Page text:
And while there’s a lot of melancholy in the book, there’s also metaphysics, love, lust, loss, illness, art, Buddhism, and pleasure for the reader on pretty much every page. Only when I’d read it all for the first time did it occur to me, what a smarter person might have been on the lookout for, given the book’s title, that there’s an overarching narrative. The speaker is in a despondent state, a ‘maelstrom of gravitational torpor’ (‘The Resurrection and the Life’). There’s a relationship, and there are some wonderful poems about the early stages of physical and emotional rapture – the title of one of them, ‘In the 24-hour glow’, is almost a poem in itself. It’s never spelled out, but it seems the relationship ends after only a short time – there are many poems in which the beloved ‘you’ is a ghost or a memory, and the second last poem, ‘The Captain of the Men of Death’, actually an eighteen-page sequence, is about serious and possibly terminal illness – a note explains that the poem takes its title from an early 20th century nickname for pneumonia. The time line isn’t clear. Perhaps, reading for the narrative, you would take it that the relationship, the love story, is already in the past when the book begins.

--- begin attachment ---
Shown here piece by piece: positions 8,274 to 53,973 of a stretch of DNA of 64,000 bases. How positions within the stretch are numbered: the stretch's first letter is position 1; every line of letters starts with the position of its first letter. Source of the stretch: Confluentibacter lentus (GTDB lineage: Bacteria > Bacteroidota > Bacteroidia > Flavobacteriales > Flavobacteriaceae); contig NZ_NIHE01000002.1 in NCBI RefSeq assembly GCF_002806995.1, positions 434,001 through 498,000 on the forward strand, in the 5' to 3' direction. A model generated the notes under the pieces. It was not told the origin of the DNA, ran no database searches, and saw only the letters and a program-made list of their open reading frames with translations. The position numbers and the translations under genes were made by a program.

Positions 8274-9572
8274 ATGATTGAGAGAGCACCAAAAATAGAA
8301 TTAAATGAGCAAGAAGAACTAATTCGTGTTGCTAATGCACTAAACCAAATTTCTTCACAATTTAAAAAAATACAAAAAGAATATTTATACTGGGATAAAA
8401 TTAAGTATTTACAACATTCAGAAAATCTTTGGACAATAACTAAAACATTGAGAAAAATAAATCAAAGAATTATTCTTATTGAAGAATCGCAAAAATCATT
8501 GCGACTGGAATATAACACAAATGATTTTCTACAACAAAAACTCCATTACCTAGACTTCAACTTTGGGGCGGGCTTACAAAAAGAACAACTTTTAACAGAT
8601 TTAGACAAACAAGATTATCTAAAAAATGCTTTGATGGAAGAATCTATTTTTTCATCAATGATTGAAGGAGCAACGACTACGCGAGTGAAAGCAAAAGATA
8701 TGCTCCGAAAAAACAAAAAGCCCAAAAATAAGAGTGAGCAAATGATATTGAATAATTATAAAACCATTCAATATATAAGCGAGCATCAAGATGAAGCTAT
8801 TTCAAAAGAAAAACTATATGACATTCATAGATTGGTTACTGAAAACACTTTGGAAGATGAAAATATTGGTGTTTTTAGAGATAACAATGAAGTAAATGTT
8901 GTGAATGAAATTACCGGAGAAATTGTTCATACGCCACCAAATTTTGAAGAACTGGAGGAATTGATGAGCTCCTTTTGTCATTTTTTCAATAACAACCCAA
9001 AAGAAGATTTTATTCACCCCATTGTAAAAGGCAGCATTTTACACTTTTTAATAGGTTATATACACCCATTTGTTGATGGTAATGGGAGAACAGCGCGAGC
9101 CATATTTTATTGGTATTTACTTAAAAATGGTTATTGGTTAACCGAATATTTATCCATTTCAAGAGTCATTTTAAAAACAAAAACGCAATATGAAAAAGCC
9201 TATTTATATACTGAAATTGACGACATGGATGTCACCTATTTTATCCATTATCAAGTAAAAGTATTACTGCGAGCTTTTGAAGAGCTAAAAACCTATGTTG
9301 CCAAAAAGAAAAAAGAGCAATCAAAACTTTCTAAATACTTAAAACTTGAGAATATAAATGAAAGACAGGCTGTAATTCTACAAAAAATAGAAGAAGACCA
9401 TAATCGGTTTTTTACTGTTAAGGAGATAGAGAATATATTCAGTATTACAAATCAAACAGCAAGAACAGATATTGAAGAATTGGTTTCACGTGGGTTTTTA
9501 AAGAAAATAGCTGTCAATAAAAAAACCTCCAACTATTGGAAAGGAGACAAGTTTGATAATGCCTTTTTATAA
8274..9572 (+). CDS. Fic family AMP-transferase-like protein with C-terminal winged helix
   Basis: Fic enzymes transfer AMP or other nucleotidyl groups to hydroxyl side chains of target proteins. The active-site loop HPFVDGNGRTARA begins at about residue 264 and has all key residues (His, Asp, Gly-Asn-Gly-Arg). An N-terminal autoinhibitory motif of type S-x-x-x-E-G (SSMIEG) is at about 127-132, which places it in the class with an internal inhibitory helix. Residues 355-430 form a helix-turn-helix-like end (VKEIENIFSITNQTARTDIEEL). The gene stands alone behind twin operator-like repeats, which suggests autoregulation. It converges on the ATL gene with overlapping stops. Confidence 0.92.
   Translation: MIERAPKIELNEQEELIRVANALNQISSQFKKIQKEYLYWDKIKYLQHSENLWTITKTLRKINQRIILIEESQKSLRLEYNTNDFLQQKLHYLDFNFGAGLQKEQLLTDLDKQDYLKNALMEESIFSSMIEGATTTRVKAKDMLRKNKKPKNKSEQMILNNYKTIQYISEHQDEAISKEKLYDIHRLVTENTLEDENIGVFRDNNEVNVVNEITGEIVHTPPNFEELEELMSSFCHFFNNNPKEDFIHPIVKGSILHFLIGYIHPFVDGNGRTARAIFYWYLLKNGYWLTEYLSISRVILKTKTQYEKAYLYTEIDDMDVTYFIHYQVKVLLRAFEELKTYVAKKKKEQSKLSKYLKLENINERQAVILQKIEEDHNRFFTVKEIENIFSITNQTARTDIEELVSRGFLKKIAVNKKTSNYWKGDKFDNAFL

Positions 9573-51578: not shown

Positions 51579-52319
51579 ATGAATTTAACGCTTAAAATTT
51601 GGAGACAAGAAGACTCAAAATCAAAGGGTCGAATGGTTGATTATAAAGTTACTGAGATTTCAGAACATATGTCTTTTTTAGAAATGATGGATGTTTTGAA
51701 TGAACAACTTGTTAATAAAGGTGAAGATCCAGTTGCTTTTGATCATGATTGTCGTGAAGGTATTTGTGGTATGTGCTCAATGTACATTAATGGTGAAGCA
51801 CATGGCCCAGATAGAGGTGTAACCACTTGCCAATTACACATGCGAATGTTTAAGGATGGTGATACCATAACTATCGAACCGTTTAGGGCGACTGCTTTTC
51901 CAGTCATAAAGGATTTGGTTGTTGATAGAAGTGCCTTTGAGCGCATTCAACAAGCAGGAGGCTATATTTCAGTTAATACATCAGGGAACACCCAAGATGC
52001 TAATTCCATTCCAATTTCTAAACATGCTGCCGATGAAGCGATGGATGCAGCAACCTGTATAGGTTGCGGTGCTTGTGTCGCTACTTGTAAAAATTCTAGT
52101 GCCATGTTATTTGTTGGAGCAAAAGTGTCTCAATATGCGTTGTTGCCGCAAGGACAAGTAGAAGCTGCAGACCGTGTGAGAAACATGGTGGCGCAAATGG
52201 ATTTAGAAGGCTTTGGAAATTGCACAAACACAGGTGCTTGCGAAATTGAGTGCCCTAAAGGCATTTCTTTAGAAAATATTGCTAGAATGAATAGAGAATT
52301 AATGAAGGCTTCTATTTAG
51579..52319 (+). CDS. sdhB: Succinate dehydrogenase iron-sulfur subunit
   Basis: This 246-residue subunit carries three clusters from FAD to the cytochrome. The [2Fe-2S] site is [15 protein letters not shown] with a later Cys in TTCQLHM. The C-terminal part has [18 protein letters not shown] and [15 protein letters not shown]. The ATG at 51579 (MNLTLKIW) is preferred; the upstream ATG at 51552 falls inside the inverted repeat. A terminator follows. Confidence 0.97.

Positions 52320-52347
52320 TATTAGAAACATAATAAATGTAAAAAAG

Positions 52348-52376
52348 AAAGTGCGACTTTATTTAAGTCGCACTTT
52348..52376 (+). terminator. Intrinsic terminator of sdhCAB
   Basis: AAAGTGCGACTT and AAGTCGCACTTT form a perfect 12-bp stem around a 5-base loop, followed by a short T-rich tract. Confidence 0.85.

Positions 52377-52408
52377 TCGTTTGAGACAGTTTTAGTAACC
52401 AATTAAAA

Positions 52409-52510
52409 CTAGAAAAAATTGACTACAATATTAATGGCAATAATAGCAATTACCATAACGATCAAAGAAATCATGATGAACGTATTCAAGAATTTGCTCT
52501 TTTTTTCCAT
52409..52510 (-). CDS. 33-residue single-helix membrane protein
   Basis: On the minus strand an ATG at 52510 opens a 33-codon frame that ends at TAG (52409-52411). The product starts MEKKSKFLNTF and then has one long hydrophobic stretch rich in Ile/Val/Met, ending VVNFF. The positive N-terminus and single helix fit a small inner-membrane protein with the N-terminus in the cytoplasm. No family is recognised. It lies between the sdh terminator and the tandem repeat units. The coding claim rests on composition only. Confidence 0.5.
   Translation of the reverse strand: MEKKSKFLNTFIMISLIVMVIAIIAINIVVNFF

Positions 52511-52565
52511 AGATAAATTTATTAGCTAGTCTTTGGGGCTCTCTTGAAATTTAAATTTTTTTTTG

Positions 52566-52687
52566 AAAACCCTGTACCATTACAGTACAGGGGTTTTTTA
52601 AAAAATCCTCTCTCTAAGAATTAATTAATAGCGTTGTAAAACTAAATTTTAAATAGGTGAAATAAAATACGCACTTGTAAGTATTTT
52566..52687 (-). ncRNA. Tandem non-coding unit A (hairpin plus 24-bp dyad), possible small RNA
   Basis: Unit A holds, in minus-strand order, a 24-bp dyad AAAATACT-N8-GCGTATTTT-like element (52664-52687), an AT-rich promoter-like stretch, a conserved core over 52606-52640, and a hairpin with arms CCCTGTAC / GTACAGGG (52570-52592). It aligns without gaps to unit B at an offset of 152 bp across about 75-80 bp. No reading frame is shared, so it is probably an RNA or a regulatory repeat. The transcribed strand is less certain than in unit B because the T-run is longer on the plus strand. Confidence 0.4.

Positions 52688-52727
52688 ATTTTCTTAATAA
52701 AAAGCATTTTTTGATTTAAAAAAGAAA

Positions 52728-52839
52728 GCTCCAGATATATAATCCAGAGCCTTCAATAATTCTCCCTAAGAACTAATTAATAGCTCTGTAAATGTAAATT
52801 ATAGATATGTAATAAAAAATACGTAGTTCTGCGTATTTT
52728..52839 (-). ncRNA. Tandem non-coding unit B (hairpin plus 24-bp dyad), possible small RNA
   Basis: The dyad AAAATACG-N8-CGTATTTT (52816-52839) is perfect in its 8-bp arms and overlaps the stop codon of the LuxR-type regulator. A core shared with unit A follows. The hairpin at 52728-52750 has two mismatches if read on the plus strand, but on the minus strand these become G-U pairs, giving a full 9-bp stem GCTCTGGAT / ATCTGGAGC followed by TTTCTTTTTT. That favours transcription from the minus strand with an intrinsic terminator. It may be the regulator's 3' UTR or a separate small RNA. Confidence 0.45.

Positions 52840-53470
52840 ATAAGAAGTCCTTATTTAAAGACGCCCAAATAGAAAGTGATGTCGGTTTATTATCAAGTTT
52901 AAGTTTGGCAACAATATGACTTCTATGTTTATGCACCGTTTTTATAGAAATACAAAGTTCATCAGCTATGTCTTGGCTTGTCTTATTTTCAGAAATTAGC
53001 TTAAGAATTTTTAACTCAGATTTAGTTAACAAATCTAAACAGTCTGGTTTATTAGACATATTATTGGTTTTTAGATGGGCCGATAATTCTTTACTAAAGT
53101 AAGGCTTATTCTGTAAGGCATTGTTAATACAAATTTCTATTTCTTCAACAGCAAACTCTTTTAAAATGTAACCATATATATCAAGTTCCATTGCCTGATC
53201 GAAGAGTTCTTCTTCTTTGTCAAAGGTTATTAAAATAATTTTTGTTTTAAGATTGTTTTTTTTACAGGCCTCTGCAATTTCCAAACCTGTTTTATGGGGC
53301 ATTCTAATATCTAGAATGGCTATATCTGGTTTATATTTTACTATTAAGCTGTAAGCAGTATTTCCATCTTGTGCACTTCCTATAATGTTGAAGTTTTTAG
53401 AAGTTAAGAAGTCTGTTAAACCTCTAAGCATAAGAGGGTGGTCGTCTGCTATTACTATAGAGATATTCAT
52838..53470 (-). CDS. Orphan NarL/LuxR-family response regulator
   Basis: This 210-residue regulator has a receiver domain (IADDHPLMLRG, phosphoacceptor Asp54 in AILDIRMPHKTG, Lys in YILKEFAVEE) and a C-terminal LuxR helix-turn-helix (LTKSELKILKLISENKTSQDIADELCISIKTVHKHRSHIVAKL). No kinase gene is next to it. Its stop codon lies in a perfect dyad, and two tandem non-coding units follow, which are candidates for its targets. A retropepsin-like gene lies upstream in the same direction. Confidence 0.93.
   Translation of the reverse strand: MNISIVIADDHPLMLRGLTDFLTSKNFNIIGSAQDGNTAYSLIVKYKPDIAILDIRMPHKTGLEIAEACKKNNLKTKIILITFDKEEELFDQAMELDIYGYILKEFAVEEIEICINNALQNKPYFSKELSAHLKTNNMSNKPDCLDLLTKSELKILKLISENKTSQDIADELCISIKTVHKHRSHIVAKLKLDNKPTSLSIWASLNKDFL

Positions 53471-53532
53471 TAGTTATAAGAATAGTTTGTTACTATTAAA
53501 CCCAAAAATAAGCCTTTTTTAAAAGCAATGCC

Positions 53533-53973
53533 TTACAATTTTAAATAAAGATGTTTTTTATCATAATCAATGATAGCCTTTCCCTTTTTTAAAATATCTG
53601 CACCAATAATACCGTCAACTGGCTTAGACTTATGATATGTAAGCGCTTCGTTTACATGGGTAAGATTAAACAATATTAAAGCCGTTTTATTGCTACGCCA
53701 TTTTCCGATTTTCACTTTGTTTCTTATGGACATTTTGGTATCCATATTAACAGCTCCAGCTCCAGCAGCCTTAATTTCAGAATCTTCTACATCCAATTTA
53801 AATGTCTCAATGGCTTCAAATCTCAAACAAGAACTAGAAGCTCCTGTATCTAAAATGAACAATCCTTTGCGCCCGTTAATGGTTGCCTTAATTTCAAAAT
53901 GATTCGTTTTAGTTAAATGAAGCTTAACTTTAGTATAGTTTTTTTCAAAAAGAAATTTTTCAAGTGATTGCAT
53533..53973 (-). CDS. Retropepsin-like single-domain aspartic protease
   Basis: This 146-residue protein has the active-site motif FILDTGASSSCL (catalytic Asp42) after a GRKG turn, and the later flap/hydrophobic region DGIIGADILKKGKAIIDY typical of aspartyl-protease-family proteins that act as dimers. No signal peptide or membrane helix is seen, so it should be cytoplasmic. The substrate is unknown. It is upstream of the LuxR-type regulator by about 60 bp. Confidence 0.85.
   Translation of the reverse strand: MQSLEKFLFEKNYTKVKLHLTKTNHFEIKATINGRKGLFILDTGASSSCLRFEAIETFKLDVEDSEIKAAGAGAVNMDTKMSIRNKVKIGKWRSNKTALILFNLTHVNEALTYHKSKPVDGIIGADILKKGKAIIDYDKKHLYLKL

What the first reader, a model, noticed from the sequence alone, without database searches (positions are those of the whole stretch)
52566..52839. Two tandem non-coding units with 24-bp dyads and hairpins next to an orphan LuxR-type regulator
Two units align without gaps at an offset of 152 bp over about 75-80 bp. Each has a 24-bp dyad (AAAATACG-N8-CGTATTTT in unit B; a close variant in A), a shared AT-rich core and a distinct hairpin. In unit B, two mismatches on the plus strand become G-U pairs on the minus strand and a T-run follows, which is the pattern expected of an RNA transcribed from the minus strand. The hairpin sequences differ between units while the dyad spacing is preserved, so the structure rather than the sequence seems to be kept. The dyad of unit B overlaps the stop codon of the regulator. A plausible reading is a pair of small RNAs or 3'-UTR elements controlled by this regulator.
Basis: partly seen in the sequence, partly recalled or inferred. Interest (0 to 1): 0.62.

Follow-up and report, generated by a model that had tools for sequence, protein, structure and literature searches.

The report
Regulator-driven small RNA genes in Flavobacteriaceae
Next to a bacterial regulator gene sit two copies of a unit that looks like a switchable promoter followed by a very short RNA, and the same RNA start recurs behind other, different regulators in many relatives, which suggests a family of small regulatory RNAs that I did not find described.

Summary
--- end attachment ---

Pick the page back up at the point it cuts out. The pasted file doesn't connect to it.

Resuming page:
But here’s the thing. Even though I’m usually happiest when there’s a narrative line for me to follow, in this case I’m glad I didn’t read looking for a narrative – that would have tied the poems down to a particular context rather than letting them resonate out to who-knows-where. Take the first lines of ‘The Wedding Dress’:

---------------------------Why am I so angry
-------------------------------------at this wedding dress?

It floats through space
like an abandoned satellite,
gliding without sound or friction

Reading these lines, I took it that the poem was a response to an art work. More precisely, I thought of Rosemary Laing’s Bulletproof Glass series of photographs which I had misremembered as featuring a wedding dress exactly as beautifully described here (but Laing’s flying dress is inhabited by a woman who has been shot, a whole other story). I’m pretty sure that the poem is a response – not to Rosemary Laing’s photo, but to an image like it. (You can read the whole poem here. It’s quite long.)

The opening question is asked eight times, each time followed by a number of lines groping for an answer: like the monolith in 2001, the dress ‘stands at the limits, the frontiers of our knowing’; it’s a memento, like ‘golden calves raised to the banality of our happiness’; it’s emblematic of the institution of marriage, which the speaker is at best ambivalent about, and of the deep human impulse that gives rise to the institution.

The fifth time the question is asked, the poem takes a personal turn: ‘I had been dreaming about you.’ If one was reading for the narrative, this is where one would start paying attention, but so much has already happened and the narrative is frustratingly elusive:

I had been dreaming about you.
After a rocky start, I was happy to report that